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Artificial Intelligence: Generative AI Technologies and Their Commercial Applications

GAO-24-106946 Published: Jun 20, 2024. Publicly Released: Jun 20, 2024.
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Fast Facts

Generative artificial intelligence systems—like ChatGPT and Gemini—create text, images, audio, video, and other content. This Q&A report takes a closer look at the technology behind these increasingly popular systems, and their many uses.

The systems are trained to recognize patterns and relationships in massive datasets and can quickly generate content from the data when prompted by a user. These growing capabilities can be used in health care, education, software engineering, business, and other fields.

But they can also potentially spread disinformation, displace workers, and present national security and environmental risks.

Interlocking walls connected by webs

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What GAO Found

Generative AI can create content such as text, images, audio, or video when prompted by a user. Generative AI differs from other AI systems in its ability to generate novel content, in the vast volumes of data it requires for training, and in the greater size and complexity of its models. Several other notable differences with generative AI models include: the use of natural language for prompts, and increased challenges in understanding and explaining model decisions. Generative AI systems employ several model architectures, or underlying structures. These systems, referred to as neural networks, are modeled loosely on the human brain and recognize patterns in data.

A convergence of factors enabled the rapid development of generative AI: availability of large datasets, refinement and augmentation of deep learning algorithms, and compute capacity. The training of generative AI models requires large amounts of data, much of which are commonly obtained from publicly available information on the internet and which can include copyrighted content. To provide more meaningful and fit-for-purpose responses, commercial developers typically employ a process called reinforcement learning from human feedback. In this process, generative AI models undergo further training where humans evaluate and rank outputs, and then the models imitate the human preferences. Processing the training data and adjusting the increasingly large models require a corresponding compute capacity. Training large generative AI models can take tens of thousands of processors running for months and may cost several hundred million dollars.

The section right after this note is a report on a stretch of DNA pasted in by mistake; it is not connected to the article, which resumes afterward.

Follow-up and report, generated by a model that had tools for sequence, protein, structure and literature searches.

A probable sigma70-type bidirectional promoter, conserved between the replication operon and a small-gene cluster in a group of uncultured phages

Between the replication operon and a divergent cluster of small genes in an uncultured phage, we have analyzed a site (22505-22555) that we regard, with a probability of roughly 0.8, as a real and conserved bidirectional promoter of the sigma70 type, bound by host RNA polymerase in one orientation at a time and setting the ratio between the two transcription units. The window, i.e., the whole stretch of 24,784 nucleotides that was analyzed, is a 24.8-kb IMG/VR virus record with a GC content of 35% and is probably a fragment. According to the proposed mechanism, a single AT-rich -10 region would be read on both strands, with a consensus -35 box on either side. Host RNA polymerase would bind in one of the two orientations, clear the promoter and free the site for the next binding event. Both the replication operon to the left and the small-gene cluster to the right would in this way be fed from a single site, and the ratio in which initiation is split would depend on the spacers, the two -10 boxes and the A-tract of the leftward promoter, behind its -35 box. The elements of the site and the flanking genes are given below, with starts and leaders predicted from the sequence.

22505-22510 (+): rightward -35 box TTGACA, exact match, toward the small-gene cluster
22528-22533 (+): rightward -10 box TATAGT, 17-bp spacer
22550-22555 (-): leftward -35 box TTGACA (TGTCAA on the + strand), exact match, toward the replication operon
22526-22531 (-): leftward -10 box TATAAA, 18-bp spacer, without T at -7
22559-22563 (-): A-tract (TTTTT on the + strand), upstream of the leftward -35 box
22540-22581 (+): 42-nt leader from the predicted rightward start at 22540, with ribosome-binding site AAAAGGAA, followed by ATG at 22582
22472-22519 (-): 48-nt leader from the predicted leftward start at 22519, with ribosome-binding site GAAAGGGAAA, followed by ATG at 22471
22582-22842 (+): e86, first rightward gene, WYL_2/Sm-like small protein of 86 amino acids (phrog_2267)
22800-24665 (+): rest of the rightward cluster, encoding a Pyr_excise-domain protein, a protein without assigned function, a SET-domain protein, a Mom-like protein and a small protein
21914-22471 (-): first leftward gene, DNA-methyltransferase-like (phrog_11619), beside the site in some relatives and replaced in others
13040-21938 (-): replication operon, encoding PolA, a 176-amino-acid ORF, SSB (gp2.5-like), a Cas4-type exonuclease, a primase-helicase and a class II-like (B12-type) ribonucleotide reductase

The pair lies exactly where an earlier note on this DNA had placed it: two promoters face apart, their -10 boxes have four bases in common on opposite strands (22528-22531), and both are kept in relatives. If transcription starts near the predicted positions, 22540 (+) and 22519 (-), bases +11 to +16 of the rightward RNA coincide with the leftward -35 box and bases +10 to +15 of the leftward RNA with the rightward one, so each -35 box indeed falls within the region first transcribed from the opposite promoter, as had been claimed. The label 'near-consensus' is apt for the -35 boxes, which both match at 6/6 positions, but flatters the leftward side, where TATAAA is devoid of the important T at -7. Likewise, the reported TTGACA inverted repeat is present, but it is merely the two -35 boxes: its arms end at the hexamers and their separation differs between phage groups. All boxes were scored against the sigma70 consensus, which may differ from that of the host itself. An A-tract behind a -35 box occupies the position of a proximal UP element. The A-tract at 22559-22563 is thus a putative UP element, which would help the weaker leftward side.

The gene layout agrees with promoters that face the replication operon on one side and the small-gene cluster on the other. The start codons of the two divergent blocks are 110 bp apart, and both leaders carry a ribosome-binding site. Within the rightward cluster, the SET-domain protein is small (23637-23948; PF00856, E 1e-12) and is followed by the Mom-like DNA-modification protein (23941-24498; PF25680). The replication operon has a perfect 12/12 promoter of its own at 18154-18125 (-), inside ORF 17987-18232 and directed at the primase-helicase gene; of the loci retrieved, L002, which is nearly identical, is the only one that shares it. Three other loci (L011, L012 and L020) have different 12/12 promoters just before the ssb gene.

Commercial developers have created a wide range of generative AI models that produce text, code, image, and video outputs, as well as products and services that enhance existing products or support customized development and refinement of models to meet customer needs (see fig. below). However, their benefits and risks are still unclear for many applications.

Summary of Potential Applications for Generative Artificial Intelligence

Why GAO Did This Study

For this technology assessment, GAO was asked to describe generative AI and key aspects of its development. This report represents the first installment of a body of work looking at generative AI. In future reports, GAO plans to assess best practices and other factors considered for developing and deploying generative AI tools, societal and environmental effects of the use of generative AI, and federal development and adoption of generative AI technologies.

To conduct this assessment, GAO conducted literature reviews and interviewed representatives from several leading companies developing generative AI technologies. GAO selected these companies based on known information about generative AI technologies they have created and the voluntary commitments they made to the White House to manage risks posed by AI. Through these interviews, GAO gathered information regarding the companies' various models, tools, products, and services that enable the development of generative AI. GAO also reviewed relevant publicly available documentation, such as white papers, model cards, and guidance documents to identify further information regarding the companies' generative AI products.

For more information, contact Brian Bothwell at (202) 512-6888 or or Kevin Walsh at (202) 512-6151 or

Full Report

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